Favorite quote:
"'How do we know that Gaborone will still be there in fifty years' time? Have the ants not got their plans for Gaborone as well?' Mma Ramotswe smiled. It was a good way of putting it. All our human endeavours are like that, she reflected, and it is only because we are too ignorant to realize it, or are too forgetful to remember it, that we have the confidence to build something that is meant to last. Would the No. 1 Ladies' Detective Agency be remembered in twenty years' time? Or Tlokweng Road Speedy Motors? Probably not, but then did it matter all that much?" (95-96).


Annie John by Jamaica Kincaid

As a student I had the great fortune of being assigned to read Jamaica Kincaide's "Upon Seeing England For the First Time" essay in high school, and later on to read her novel A Small Place as a sophomore year in college. So when I spotted Annie John at the aforementioned used book sale, I felt compelled to snatch it up too! In keeping with the imperialism-related focus of most of Kincaid's material, this novel features the titular young woman narrating her childhood and adolescence in Antigua while it was still a British colony. Given that the novel is written in past tense, we are led to believe that Annie John is at least 17 years old if not completely grown at the time of writing, since that is the age when she leaves the Caribbean island for England, with no intention of returning.

Of the two Kincaid books that I've now read, I wouldn't say that Annie John is my favorite. Nonetheless, it is so evocative of the wonder, mischief, and agony of youth that I wouldn't be in a rush to discard it. Annie John's gradually tempestuous relationship with her mother affected me the most, as someone who is close to her own mom. While Annie John adores and is inseparable from her mother as a little one, as a teenager she wants nothing more than to get away from her mother (and to a extent, everything in relation to her life on the island). But Kincaid doesn't allow the reader to dismiss this behavior as typical teenage moodiness. In fact, Annie John's enmity begins with what she perceives to be betrayal. As she enters puberty, her mom becomes stricter with her and reduces the physical displays of affection they once shared. Her mom is simply trying to raise her daughter to be a proper young lady (whatever that means for that particular place and time), but because she doesn't explain the "why" of all this to her daughter, Annie John feels like she's being punished and can't figure out what she's done wrong. Her conclusion is that her mom doesn't love her anymore, and a hurt and confused Annie John strives to best her mother in a spiteful competition of who can show the least love. She reveals less of her life to her mom, gives icier and more curt responses to her mom's questions, pursues more mischief, tells more untruths. But as much as she claims to abhor her parents, she winds  up following in their path. Her mother left her native Dominica for Antigua, and her father was on his own following the death of the grandmother who had raised him. They both obtained independence and were thrust into adulthood due to tumultuous circumstances in their teens, and in attempting to distance herself from her them, Annie John actually becomes resembles them all the more. If you enjoy reading Caribbean literature and stories of teen angst outside of the mainstream YA genre, try Annie John.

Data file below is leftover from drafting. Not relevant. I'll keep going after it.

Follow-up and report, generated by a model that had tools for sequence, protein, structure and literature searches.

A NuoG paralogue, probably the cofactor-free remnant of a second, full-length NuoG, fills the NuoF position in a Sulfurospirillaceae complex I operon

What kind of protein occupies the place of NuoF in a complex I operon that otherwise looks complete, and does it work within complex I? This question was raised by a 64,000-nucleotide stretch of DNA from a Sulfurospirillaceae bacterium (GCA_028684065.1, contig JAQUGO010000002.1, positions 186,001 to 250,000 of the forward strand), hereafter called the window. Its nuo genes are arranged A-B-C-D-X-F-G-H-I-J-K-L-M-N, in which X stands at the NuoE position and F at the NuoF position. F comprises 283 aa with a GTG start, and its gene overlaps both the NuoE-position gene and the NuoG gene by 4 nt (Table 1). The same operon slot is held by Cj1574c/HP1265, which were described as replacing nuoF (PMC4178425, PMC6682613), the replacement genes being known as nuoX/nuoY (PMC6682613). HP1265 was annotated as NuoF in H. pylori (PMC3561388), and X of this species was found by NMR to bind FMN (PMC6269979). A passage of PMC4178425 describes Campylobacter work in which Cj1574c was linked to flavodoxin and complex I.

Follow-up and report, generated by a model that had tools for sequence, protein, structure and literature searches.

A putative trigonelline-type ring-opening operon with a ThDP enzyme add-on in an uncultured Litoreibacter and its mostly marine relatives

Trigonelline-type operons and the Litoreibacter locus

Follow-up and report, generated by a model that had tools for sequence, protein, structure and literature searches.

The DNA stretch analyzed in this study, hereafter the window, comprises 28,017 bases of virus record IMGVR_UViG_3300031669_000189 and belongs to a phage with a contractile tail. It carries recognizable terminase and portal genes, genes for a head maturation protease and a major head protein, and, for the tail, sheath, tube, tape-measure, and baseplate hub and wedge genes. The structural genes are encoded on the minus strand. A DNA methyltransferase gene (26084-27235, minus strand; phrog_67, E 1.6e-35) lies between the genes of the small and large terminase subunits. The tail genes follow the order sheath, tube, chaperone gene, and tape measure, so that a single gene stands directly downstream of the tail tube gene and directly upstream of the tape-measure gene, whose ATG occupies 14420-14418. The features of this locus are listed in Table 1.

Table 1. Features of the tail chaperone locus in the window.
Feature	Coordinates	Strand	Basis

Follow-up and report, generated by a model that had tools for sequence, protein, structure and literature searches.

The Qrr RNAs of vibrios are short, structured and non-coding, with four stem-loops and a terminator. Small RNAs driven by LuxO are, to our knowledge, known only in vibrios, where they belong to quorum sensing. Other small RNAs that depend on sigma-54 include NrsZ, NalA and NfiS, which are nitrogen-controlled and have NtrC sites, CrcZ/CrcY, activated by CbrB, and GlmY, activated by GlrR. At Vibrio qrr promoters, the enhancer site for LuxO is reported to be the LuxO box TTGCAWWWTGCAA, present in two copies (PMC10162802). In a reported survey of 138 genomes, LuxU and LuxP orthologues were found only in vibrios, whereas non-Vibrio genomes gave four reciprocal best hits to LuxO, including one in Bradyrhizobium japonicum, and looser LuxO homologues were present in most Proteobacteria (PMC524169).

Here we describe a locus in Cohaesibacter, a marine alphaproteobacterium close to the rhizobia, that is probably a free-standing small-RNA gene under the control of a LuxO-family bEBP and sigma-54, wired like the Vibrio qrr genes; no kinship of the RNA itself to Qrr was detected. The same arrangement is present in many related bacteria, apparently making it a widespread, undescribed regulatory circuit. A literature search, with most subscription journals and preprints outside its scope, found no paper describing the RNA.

Favorite quotes: